Plastic Surgeon Dr. Ricky Brown produced a video and said: This stuff won't make you sleep faster, unless your mice," to his 6.7 million followers on TikTok. Dr. Karl also produced his own video and called it, Lettuce Water: Fact or Fiction? and debunked the entire myth. He pointed out that the 2017 study is not accurate for many reasons. In the video, he says: "One they gave mice purified chemical extracts of lettuce, not the actual leaves. Two, they never indicated how long it actually took for the mice to fall asleep, instead, they gave them a drug called pentobarbital which already provides sleep-inducing effects. Third, researchers excluded mice that took too long to fall asleep which skewed the results."

However, there is nothing harmful about drinking warn lettuce water and in fact, there are health benefits, whether or not you add the lettuce. Drinking plain warm water impacts the body differently than drinking room temperature or cold water and has proven science-backed health benefits. And, if you're going to add anything to your warm water, you may want to consider adding a lemon. Or just try plain old water. But drink it warm, not cold.

4 Health Benefits of Drinking Hot and Warm Water. Hold the Lettuce!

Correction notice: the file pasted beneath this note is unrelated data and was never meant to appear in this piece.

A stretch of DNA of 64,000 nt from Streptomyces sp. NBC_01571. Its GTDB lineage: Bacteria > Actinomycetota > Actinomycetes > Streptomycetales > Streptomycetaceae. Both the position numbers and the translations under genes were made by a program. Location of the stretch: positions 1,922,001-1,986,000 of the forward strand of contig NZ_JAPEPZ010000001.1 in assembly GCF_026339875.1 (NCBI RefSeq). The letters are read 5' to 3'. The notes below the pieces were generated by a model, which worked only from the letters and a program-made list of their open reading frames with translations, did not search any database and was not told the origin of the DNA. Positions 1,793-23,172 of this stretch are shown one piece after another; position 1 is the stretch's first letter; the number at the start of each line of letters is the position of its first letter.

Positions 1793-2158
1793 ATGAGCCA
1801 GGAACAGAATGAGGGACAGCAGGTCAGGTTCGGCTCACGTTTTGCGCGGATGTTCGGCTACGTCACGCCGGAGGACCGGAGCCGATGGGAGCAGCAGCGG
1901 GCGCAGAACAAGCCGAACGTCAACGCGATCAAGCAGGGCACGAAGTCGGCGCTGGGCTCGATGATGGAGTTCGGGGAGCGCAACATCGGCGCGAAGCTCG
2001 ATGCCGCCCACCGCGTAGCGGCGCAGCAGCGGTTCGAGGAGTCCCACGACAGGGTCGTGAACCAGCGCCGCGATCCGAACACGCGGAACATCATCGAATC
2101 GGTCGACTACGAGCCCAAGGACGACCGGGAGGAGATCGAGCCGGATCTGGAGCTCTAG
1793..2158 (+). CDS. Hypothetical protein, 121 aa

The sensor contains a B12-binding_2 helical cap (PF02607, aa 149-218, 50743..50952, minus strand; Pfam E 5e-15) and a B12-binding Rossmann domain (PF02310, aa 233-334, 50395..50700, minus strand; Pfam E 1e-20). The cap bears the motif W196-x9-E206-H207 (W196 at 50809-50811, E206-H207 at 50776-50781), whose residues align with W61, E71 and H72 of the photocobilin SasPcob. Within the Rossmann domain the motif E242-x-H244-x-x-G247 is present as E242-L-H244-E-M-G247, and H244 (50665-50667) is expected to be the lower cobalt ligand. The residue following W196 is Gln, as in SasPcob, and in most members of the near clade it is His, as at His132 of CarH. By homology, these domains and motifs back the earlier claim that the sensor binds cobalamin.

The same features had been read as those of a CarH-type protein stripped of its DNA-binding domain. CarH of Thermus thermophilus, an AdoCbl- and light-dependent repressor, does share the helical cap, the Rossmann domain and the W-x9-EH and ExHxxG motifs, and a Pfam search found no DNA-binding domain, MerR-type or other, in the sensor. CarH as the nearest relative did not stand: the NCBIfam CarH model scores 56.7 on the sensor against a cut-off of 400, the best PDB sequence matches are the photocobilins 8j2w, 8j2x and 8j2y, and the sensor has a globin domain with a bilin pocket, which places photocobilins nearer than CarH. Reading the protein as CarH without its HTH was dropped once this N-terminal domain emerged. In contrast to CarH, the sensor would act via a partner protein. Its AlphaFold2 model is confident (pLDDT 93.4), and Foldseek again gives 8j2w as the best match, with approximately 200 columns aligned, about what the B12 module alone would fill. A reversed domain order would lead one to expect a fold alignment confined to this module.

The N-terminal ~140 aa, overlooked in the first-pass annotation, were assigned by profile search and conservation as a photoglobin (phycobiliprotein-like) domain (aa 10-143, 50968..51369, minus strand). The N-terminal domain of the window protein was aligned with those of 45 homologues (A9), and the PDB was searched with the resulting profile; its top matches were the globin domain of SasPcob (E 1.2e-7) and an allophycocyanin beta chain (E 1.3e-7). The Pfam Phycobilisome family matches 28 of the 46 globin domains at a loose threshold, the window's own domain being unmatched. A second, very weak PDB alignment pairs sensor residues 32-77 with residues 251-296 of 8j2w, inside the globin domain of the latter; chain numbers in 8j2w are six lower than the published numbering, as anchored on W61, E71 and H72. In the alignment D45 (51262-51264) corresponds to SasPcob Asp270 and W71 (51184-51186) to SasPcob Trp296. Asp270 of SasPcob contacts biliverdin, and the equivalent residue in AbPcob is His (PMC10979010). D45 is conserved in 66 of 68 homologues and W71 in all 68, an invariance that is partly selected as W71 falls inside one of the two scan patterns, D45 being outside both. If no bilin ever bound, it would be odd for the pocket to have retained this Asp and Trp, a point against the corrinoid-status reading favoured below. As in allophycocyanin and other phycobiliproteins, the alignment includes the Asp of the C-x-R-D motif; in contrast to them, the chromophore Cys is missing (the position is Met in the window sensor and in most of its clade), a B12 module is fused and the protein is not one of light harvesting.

When searching whether lettuce water held any magical properties what we found was simply that drinking water (with or without the lettuce or other infusions) was a benefit, especially when trying to lose weight, stay warm, or when you're fighting something off.

1. Drinking 16 ounces of Room Temperature Water Will Boost Metabolism

Everyone wants to speed up their metabolism, and it turns out that water can help here as well. In a study of 14 healthy, normal-weight participants (seven men and seven women), results found that the subjects who drank 500 ml (or 16 ounces) of water increased their metabolic rate by 30 percent within just 10 minutes of drinking, and reached its highest rate of energy production 30 to 40 minutes after drinking. For men, blood "lipids mainly fueled the increase in metabolic rate," and for women, "carbohydrates were mainly used as the energy source." If you're looking to lose weight, that means that drinking a tall glass of water appears to mobilize carbs or fat, depending on your gender, but either way, burning fuel is a benefit.

2. Hot water may help treat cold and or flu symptoms, relieve nasal congestion

If you have a sniffle or stuffed up nose, sore throat, or cold, the mist from a steamy cup of hot water plays a big role in clearing sinuses and treating cold or flu-like symptoms.